The new National September 11 Memorial Museum opened in May. The museum is located beside the remnants of New York’s twin towers.
On opening day, flags outside were at hall-staff on the World Trade Center memorial plaza, where bronze panels bear the engraved names on the nearly 3,000 people who were killed in New York, Northern Virginia and Pennsylvania in 2003, and in the bombing of the World Trade Center in 1993.
About 700 guests attended the somber ceremony held in the museums Foundation Hall. During the ceremony, elected officials, survivors and rescue workers rose one by one to talk about the victims and what was left behind.
In attendance was President Obama. “No act of terror can match the strength or the character of our country” he told the audience during the dedication ceremony.
In his remarks, Obama singled out the heroism of Welles Crowther, a young man with a red bandana who helped save people in the south tower before it collapsed, killing him. His identity was long unknown until months later when his mother read an article about the mysterious savior with the bandana.
Michael Bloomberg hosted the event, as chairman of the National September 11 Memorial Museum, and described the museum as “a testament to the resilience, the courage and the compassion of the human spirit.”
Foundation Hall is dominated by a giant slurry wall – the underground construction that survived the initial attacks and held back the waters of the Hudson River after the towers collapsed. In the hall’s center is the Last Column, the final steel beam to be removed from ground zero.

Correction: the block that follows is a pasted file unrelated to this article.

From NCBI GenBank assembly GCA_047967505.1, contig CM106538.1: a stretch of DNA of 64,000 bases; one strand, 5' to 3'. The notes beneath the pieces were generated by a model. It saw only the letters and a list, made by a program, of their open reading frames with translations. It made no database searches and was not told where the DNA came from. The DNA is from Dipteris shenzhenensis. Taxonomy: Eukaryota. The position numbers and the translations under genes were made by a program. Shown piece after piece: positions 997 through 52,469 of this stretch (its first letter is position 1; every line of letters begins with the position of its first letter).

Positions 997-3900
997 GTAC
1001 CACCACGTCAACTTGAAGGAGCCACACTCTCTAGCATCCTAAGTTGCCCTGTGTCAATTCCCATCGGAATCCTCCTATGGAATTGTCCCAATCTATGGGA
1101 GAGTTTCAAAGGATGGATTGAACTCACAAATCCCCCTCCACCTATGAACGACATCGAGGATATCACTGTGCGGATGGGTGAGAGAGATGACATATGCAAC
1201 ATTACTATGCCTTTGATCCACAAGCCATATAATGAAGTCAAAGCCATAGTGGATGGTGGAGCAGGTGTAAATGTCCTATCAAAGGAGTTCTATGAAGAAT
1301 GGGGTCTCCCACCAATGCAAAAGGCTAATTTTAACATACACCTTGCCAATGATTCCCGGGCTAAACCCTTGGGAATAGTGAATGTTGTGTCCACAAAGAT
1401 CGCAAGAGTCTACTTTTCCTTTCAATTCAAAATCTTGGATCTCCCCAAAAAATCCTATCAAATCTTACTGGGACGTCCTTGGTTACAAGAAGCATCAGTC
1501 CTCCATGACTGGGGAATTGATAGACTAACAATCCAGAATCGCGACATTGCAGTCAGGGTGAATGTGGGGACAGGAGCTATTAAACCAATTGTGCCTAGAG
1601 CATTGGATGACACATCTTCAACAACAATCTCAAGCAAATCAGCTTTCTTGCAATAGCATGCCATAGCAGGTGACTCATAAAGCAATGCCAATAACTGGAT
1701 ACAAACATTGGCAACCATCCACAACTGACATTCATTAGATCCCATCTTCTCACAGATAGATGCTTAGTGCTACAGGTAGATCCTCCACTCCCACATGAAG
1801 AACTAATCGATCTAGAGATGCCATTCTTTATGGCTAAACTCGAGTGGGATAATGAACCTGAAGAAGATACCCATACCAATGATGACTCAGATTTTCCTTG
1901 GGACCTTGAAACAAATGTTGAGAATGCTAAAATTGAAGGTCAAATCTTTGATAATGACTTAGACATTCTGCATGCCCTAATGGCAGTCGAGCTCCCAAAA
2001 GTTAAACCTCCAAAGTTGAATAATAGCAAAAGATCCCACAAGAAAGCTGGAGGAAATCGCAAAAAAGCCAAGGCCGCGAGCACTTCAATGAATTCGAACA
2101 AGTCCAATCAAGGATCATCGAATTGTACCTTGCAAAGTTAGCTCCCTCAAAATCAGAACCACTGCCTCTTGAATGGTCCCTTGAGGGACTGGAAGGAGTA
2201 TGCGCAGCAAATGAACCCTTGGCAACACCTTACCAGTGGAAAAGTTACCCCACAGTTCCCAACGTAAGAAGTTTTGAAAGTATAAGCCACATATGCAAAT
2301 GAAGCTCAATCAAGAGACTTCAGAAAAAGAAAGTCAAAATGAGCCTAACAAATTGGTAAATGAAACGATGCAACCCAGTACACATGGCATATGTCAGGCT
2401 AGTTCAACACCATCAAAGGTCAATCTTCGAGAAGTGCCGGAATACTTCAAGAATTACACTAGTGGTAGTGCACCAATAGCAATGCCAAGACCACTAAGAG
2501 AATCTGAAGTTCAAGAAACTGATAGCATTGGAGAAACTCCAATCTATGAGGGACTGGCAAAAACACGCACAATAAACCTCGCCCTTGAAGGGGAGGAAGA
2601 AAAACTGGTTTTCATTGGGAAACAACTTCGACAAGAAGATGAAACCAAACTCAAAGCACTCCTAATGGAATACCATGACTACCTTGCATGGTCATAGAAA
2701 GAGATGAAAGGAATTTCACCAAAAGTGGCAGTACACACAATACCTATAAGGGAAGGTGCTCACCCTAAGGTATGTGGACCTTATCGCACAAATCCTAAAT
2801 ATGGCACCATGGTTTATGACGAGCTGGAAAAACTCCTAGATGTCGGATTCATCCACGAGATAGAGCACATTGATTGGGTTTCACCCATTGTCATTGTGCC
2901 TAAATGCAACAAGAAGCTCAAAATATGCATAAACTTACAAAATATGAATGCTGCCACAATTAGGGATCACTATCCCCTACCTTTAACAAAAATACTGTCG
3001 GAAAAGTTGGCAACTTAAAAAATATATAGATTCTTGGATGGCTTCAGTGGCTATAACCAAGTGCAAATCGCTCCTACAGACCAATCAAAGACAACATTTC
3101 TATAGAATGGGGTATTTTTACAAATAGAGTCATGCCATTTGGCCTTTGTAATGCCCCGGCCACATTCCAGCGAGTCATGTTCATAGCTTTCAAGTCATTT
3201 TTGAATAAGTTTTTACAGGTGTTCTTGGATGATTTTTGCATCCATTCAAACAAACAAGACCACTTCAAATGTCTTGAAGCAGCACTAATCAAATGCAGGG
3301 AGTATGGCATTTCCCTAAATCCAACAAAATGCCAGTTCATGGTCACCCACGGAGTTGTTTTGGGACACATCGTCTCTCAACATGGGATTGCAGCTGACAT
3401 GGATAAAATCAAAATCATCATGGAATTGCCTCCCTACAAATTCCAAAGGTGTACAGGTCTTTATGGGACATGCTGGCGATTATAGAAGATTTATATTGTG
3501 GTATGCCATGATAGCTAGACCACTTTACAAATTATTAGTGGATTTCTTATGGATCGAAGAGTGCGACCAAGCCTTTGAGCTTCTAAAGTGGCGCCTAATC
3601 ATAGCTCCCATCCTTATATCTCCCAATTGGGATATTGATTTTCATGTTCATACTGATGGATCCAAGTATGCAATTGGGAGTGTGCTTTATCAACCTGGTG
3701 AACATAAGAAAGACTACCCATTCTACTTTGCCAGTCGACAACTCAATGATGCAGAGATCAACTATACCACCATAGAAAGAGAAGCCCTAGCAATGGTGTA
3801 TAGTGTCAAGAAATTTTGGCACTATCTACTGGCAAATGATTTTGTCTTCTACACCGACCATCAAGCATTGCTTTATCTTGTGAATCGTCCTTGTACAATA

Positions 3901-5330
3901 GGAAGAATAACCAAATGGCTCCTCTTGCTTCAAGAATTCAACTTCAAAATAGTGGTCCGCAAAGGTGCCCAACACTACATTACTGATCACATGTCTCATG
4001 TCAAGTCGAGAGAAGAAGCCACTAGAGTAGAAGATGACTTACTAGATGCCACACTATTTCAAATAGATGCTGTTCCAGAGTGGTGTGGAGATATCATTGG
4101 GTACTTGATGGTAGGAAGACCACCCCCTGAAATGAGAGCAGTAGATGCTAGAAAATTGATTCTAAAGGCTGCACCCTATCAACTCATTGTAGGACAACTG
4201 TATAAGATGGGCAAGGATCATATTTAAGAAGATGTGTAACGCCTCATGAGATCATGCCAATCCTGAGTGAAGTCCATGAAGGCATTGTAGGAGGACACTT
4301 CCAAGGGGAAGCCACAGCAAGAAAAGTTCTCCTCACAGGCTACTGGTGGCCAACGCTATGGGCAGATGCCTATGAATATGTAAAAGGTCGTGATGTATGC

There have been many controversies surrounding the museum. A video exhibit about the roots of the attack, which includes the terms “Islamist” and “jihadist,” was criticized by an advisory group made up of clergy members from different faiths who claimed that the video presented a prejudiced view of Islam. Ultimately, the chief executive of the memorial and museum foundation insisted that the video was objective.
Some families are unhappy that the unidentified remains of the victims are stored in the same building as the museum in a specially built repository. The 7,930 unidentified remains were moved to the repository in a ceremonial transfer, alongside some remains that have been identified but that families chose to have stored there.
Museum and city officials say that the repository is under the jurisdiction of the New York City medical examiner’s office. The repository is separated from the museum by a wall, and will not be open to the general public. It will, however, be open to victim’s relatives who will be able to visit a reflection room there.